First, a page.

Venture Capital Funding
StreetShares is a financial technology start-up funded by venture capital. So far, the company has raised $231.3 million from six rounds of financing, according to Crunchbase.
The latest round raised $23 million in January 2018 led by Rotunda Capital Partners.
For more information on the company, check out this podcast featuring the founder of StreetShares on the LendAcademy podcast.
StreetShares Review Conclusion
StreetShares is a unique investing and lending platform that’s gained attention from venture capital. After several rounds of financing, the company is ramping up lending volumes. To fund these loans, it needs investors to step in and provide the capital.
5% returns are lower than long-term stock market gains but higher than high-yield money market accounts and U.S. Treasuries. With the higher yield, you’ll earn twice as much as a savings account.
Since this is a newer type of investment, the risk is higher. We won’t know how safe and stable these investments are until the next economic cycle runs its course.
For those retired or nearing retirement looking to build income streams outside of the stock market, StreetShares may be worth considering. Military veterans may be disproportionately drawn to this investment due to shared backgrounds.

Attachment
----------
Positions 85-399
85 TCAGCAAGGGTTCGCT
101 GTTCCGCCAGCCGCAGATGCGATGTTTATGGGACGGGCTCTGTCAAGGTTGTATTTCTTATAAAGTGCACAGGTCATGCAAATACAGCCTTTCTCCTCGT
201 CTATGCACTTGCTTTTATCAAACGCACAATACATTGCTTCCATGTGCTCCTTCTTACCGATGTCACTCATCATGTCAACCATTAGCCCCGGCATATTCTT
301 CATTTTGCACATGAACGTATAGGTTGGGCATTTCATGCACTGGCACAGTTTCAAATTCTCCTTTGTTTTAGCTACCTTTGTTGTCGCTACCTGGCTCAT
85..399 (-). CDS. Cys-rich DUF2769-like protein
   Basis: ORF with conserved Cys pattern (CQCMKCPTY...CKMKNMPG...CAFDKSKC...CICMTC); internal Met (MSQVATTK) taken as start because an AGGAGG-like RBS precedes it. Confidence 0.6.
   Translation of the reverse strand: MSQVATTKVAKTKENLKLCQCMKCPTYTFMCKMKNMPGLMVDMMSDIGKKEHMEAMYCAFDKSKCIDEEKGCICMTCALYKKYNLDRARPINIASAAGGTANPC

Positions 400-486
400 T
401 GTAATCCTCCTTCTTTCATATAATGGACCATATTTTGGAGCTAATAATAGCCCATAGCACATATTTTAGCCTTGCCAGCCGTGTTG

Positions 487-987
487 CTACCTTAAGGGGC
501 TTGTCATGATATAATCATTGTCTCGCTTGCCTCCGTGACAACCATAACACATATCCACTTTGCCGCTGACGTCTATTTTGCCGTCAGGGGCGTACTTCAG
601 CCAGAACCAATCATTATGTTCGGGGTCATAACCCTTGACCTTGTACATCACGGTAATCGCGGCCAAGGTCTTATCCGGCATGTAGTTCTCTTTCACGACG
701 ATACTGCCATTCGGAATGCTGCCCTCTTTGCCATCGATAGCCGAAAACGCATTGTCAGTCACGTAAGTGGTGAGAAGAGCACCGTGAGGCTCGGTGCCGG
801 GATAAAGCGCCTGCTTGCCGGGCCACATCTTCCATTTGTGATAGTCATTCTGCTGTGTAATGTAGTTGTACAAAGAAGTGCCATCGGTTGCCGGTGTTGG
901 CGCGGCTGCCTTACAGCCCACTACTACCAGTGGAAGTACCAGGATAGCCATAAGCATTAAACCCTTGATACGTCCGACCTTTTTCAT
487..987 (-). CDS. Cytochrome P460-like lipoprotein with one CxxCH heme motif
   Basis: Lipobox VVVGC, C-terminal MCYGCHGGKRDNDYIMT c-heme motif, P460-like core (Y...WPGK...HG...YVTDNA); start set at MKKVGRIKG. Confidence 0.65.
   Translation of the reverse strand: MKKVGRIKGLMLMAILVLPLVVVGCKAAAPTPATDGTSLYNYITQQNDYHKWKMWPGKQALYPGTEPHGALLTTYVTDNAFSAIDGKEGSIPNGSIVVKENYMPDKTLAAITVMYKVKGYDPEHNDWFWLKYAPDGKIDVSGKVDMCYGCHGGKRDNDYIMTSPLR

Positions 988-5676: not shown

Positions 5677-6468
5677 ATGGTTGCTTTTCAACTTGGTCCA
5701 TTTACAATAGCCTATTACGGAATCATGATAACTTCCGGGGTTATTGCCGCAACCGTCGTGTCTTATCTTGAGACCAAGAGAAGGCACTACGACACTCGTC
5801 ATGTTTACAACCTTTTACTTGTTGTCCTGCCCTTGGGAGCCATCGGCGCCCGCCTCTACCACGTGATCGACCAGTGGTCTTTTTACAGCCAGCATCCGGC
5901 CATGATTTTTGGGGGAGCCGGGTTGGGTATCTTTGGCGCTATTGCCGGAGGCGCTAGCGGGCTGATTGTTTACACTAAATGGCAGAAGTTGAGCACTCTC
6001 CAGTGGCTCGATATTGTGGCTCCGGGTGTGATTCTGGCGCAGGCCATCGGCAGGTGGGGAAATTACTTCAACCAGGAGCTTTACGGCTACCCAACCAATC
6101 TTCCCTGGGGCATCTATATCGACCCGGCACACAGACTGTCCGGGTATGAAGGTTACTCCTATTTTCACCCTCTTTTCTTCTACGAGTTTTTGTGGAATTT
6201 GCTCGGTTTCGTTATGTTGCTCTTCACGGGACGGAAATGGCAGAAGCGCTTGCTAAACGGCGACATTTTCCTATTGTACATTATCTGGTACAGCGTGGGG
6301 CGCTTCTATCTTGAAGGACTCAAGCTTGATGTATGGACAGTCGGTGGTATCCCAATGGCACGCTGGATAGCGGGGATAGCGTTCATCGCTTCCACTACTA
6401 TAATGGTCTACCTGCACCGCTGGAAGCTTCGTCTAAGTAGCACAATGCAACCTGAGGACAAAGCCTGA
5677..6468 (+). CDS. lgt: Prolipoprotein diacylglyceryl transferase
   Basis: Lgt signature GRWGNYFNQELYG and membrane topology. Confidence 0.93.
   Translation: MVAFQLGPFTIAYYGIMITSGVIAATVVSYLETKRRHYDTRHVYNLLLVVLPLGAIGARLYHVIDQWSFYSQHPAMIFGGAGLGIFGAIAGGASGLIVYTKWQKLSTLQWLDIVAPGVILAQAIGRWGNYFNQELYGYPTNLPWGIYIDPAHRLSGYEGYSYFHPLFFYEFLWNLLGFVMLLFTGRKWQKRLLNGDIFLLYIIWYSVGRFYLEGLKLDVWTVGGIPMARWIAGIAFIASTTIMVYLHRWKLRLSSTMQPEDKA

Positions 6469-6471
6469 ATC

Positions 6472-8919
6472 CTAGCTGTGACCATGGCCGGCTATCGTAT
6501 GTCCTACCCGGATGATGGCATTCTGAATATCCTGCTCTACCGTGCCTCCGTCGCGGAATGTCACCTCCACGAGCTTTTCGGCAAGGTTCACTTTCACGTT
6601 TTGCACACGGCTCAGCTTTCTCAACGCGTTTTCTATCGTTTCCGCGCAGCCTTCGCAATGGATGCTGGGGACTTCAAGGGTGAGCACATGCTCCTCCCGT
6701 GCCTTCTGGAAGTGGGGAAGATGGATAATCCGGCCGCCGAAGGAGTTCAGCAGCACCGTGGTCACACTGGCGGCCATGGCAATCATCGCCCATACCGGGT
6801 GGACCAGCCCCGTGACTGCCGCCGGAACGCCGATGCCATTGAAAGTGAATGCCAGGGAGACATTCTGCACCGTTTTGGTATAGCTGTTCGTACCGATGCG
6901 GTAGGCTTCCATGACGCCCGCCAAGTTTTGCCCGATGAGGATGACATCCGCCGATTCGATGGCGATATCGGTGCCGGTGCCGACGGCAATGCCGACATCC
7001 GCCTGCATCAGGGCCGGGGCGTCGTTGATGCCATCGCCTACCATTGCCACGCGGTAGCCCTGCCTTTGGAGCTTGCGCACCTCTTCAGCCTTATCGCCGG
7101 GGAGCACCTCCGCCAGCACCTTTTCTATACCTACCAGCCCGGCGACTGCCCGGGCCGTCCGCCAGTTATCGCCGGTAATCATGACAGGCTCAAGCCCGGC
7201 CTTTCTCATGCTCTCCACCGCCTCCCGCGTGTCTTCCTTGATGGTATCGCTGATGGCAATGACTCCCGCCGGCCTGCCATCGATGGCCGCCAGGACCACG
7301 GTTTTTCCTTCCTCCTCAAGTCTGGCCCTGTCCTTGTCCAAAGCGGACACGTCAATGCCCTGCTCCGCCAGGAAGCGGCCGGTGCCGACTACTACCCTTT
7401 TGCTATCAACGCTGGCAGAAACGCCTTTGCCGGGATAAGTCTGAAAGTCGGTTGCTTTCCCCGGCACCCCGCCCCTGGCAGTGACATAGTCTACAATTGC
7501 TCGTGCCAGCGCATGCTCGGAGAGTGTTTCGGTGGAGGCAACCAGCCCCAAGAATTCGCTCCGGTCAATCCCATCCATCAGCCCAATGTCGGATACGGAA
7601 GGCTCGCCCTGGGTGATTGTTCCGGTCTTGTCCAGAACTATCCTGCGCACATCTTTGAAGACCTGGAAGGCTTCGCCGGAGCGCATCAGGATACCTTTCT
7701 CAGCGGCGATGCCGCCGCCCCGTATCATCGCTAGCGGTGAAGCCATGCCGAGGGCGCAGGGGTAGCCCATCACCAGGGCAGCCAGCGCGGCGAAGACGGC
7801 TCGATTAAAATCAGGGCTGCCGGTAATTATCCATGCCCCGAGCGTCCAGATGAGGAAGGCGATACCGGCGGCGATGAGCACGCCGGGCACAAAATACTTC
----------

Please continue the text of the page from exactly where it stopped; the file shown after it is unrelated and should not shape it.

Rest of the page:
However, some issues with this investment remain. Namely, liquidity restrictions require extra attention and may cause inconvenience or a 1% fee. Also, transparency into the actual business loans is not available to Veteran Business Bond holders.
I’d like to see more readily available data on the Veteran Business Bond loan portfolio including the total number of loans, average loan amount, default rates, loan duration, geographic diversity, and business categories.
Since the company operates, and also profits, through the spread between what it lends to borrowers and what it pays investors, I believe the business model properly incentivizes StreetShares to maintain high lending standards and levels of integrity. This aligns with the interest of investors.
StreetShares is an innovative platform helping veteran-owned businesses get easier access to capital at fair interest rates. Investors earn a flat 5% yield on their investment, which is diversified among hundreds of small business loans. Fees are minimal for the investor except to discourage early withdrawals. Limited insight into loan portfolio.
Thanks for reading this StreetShares review. Please share your thoughts or questions in the comments section below.
* Disclosure: RBD is an affiliate partner with StreetShares. If an account is opened via any links on this website, I may be compensated for the referral. Thank you for support the blog. This relationship does not influence my opinions in this review. Please perform your own analysis to determine if the investing platform is right for you. See the full disclosure here.